EAZA members work from the assumption that we can, and are obliged, to do whatever is possible to protect nature, both in the field and in our institutions
In recent years, our effect on the planet has been devastating, with a massive decline in animal numbers and habitats across the globe. EAZA has never believed that keeping animals in our institutions replaces action in the wild - but experience also shows us that the knowledge and finance that we and our visitors can provide to field conservation projects can make a huge difference. EAZA believes that zoos and aquariums form one pillar of the structure that is needed to safeguard the future.
Our approach to species conservation, called the One Plan approach, recognises that zoos and in situ conservationists need not only to work together to protect animals, but also to engage the public of their communities to take the lead in demanding action from authorities, governments, corporations and themselves so that together we can reduce the stress on endangered species and their habitats.
In short, EAZA believes that the future of nature depends on all of us; and that EAZA zoos and aquariums can act as a portal for their local communities into conservation across the world.
The EAZA Conservation Database is an online tool to facilitate communication on conservation efforts of our Members within as well as outside of the zoo and aquarium community. Click here to visit the EAZA Conservation Database (Members only)
Interested in what projects, species and activities have been supported by EAZA Members and where these take place? The EAZA Conservation Map uses information from the EAZA Conservation Database to provide visitors of our website an insight. Click on the map to explore it! Functionalities within the EAZA Conservation Map are continually improving as our Members are making their information available over time.
The information represented in the EAZA Conservation Map is based on information provided by EAZA Members in the EAZA Conservation Database and believed to be reliable. EAZA makes a diligent effort to provide a complete and accurate representation of the data in reports, publications, and services. However, EAZA does not guarantee the accuracy, adequacy, or completeness of any information. EAZA disclaims all liability for errors or omissions that may exist and shall not be liable for any incidental, consequential, or other damages (whether resulting from negligence or otherwise) including, without limitation, exemplary damages or lost profits arising out of or in connection with the use of this information. No part of information gathered from the EAZA Conservation Map may be reproduced for use in hard copy, machine-readable or other forms without advance written permission from EAZA and the EAZA Members from which the information originates.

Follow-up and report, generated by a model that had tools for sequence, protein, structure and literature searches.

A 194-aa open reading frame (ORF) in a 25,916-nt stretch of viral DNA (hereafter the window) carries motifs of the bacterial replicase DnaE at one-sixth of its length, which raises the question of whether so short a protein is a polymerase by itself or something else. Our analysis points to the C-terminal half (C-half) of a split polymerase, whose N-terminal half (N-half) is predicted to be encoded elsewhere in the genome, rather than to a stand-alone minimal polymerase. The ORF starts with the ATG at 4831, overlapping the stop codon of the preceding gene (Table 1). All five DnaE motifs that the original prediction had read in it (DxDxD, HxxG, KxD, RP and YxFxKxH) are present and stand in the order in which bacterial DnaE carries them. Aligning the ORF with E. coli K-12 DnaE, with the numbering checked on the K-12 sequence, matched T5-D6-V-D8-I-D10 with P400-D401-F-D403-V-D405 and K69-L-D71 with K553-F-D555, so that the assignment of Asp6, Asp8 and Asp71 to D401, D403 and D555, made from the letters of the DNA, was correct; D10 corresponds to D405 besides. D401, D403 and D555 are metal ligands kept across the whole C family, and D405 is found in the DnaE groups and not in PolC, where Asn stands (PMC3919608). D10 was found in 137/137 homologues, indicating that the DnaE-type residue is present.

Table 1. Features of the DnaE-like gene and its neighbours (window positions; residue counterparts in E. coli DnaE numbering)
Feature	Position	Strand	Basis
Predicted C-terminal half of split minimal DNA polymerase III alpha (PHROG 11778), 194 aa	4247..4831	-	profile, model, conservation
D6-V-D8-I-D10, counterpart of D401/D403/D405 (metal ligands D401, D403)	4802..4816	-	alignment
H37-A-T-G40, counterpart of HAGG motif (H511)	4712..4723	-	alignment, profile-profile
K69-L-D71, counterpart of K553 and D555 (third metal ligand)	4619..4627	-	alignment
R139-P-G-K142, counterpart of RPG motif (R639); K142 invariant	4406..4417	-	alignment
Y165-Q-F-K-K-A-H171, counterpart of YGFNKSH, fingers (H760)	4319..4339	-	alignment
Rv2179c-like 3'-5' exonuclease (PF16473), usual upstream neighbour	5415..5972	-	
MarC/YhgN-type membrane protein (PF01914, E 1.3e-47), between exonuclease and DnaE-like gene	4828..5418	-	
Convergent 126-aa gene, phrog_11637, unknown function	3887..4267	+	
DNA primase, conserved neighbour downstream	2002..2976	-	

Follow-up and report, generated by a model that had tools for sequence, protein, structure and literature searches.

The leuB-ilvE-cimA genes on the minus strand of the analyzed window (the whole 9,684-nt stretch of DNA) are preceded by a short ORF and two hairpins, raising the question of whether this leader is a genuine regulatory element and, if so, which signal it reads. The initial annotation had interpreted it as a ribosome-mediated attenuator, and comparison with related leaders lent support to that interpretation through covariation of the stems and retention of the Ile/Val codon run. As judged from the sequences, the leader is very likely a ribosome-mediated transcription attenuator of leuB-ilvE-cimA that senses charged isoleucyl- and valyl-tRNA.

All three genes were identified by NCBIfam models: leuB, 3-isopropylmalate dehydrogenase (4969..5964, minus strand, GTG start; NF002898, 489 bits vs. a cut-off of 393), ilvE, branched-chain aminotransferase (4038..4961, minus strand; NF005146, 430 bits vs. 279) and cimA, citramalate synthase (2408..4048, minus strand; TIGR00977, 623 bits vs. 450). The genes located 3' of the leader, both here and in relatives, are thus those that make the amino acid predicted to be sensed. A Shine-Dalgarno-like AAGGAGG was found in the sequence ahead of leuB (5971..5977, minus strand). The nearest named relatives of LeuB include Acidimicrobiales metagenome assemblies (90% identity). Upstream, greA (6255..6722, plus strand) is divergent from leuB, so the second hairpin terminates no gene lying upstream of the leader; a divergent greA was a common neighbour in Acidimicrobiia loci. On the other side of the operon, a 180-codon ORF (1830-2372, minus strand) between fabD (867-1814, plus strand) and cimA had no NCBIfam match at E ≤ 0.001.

The Kākāpō Strigopshabroptilus is a large, nocturnal and flightless parrot. Endemic to New Zealand, the species is listed as Critically Endangered and it survives only as a very small population on three offshore islands. Main threats include competition with invasive alien species and diseases.
EAZA Member Auckland Zoo has been supporting the conservation of Kākāpō for three decades. In 1992, the zoo achieved a world-first, successfully hand-rearing kākāpō chick, which was transferred there when poor summer weather impactedrimu (Dacrydiumcupressinum) tree fruiting.
Since 2008, the Veterinary Services team has been a principal veterinary advisor to the New Zealand’s Department of Conservation’s Kākāpō Recovery.Exsitu veterinary support (>6,000 hours in the last 10 years!) has involved the hospitalisation of sick kākāpō for advanced diagnostics and treatment at the Auckland Zoo’s New Zealand Centre for Conservation Medicine, with hospitalisations ranging from 24 hours to 12 months. Year-round technical advice is provided on topics including preventative medicine, disease investigations and risk analyses.
An especially critical period for exsitu support was during the 2019 outbreak of aspergillosis outbreak (a fungal respiratory disease). The zoo contributed an extra 2,000 staff and volunteer hours alone and WAZA institutions contributed a further 2,000 person hours as part of the zoo’s emergency response. The team at Auckland Zoo assessed 27 of the 48 birds that required diagnostics. Of the 21 birds found to be affected, 6 were successfully treated by them (another 6 elsewhere, while others were fatallyimpacted).
The in situ species recovery work includes artificial incubation and hand-rearing, annual transmitter changes and veterinary health checks on wild birds. Since 2012, the in situwork by veterinary and specialist birdkeeping staff has reached 10,244 hours, and to date the Auckland Zoo Conservation Fund has contributed $112,500 to support kākāpō conservation in the wild, primarily on TeHauturu-o-Toi (Little Barrier Island).
Find here the latest achievements of the projects highlighted in 2022 for the Conservation Database Snapshots. For a better view, click on the image. For more information about our Members' conservation work, visit our Conservation map.